Cooking With Olive Oil - From The Olive Oil Times
As a finish and condiment, high quality extra virgin olive oils are poured over everything from rice, potatoes, vegetables and beans to meats, poultry and fish. Olive oil is a versatile ingredient that has been used in cooking for thousands of years. It has broken down a lot of boundaries in recent times, becoming a staple in kitchens well beyond the area of its Mediterranean roots. Not only can you cook just about anything with olive oil, you should cook just about everything with olive oil instead of using the less healthy fats, such as butter or margarine.
Robust extra virgin oils are perfect for cooking seafood, to make marinades, or on strongly flavored ingredients such as peppers or garlic. A medium intensity oil is delicious with mozzarella and for dipping bread, for frying and sautéing. More mild olive oils work well when used in baking. Whatever the use, the most important thing is to find an oil that tastes great to you. Have several different kinds on hand and experiment pairing oils with your dishes. When it works, you’ll know it. The flavor of the fresh olive fruit will shine through adding a new sublime
dimension to your creation.
Heating Olive Oil and Smoke Point: From The Olive Oil Source
One of the questions we are asked most often is what happens when olive oil is heated and/or used for frying. The important thing about cooking with any oil (olive or otherwise) is not to heat the oil beyond its smoke point (also referred to as smoking point). The smoke point refers to the temperature at which a cooking fat or oil begins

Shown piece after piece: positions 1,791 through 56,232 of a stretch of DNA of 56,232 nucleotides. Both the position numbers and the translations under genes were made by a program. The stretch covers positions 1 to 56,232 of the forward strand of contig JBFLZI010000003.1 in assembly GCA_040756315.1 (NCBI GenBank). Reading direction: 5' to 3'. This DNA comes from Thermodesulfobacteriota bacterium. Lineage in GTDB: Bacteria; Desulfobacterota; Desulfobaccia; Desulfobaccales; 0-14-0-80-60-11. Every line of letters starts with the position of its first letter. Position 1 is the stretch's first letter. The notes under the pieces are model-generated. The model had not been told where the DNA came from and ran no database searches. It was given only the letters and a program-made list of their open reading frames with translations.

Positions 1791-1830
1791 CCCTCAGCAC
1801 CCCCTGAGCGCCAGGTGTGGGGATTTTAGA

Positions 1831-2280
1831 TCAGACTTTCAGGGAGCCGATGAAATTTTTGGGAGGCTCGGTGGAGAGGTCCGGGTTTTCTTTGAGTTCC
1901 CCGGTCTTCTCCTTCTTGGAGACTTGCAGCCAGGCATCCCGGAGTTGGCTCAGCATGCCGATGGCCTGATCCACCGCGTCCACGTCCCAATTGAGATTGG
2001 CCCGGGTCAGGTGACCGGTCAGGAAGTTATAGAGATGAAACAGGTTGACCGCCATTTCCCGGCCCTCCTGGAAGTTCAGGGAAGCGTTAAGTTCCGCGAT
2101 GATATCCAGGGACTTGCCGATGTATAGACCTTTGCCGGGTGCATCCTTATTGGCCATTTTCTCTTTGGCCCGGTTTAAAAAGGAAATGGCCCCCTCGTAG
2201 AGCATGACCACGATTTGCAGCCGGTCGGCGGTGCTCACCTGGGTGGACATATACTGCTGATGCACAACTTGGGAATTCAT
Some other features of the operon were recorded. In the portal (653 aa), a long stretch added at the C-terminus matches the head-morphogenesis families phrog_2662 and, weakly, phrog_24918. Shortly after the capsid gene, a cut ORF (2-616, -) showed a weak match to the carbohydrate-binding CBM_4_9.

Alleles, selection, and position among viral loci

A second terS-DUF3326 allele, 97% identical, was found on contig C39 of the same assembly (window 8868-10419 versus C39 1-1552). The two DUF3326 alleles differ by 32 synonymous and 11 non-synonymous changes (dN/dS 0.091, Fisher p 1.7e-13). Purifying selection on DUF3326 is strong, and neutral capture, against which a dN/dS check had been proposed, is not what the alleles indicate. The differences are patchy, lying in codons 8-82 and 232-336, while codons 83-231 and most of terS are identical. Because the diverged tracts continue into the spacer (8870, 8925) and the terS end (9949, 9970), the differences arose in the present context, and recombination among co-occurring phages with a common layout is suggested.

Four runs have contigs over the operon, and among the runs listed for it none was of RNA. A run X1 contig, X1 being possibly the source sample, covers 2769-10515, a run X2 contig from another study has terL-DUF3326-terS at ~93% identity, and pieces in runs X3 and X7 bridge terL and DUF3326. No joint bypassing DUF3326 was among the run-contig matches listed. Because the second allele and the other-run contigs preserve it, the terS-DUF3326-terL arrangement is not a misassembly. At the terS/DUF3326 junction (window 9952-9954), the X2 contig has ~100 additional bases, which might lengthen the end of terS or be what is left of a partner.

to break down. The substance smokes or burns, and gives food an unpleasant taste. But what is the smoke point of olive oil? Depending on where you look for an answer, you may get vastly different ideas.
The smoke point of oil varies with its quality. High quality extra virgin olive oils (with low free fatty acids) have a higher smoke point. They are an excellent choice, but tend to be more expensive. Mass produced, low quality olive oils have a much lower smoke point. Please note that we are talking about virgin oils, not chemically refined oils, such as “light” olive oils.
In general, extra virgin olive oil smokes roughly between 400 and 365ºF (204 and 185ºC) depending on its free fatty acid content. Here is what the International Olive Oil Council (IOOC) has to say about frying food with olive oil: When heated, olive oil is the most stable fat, which means it stands up well to high frying temperatures. Its high smoke point (410ºF or 210ºC) is well above the ideal temperature for frying food (356ºF or 180ºC).
High water content: vegetables, potatoes, fruit ...
Medium (266-293ºF or 130-145ºC)
Coated in batter, flour or breadcrumbs, forming crust
Hot (311-338ºF or 155-170ºC)
Small, quickly fried: small fish, croquettes
Very Hot (347-374ºF or 175-190ºC)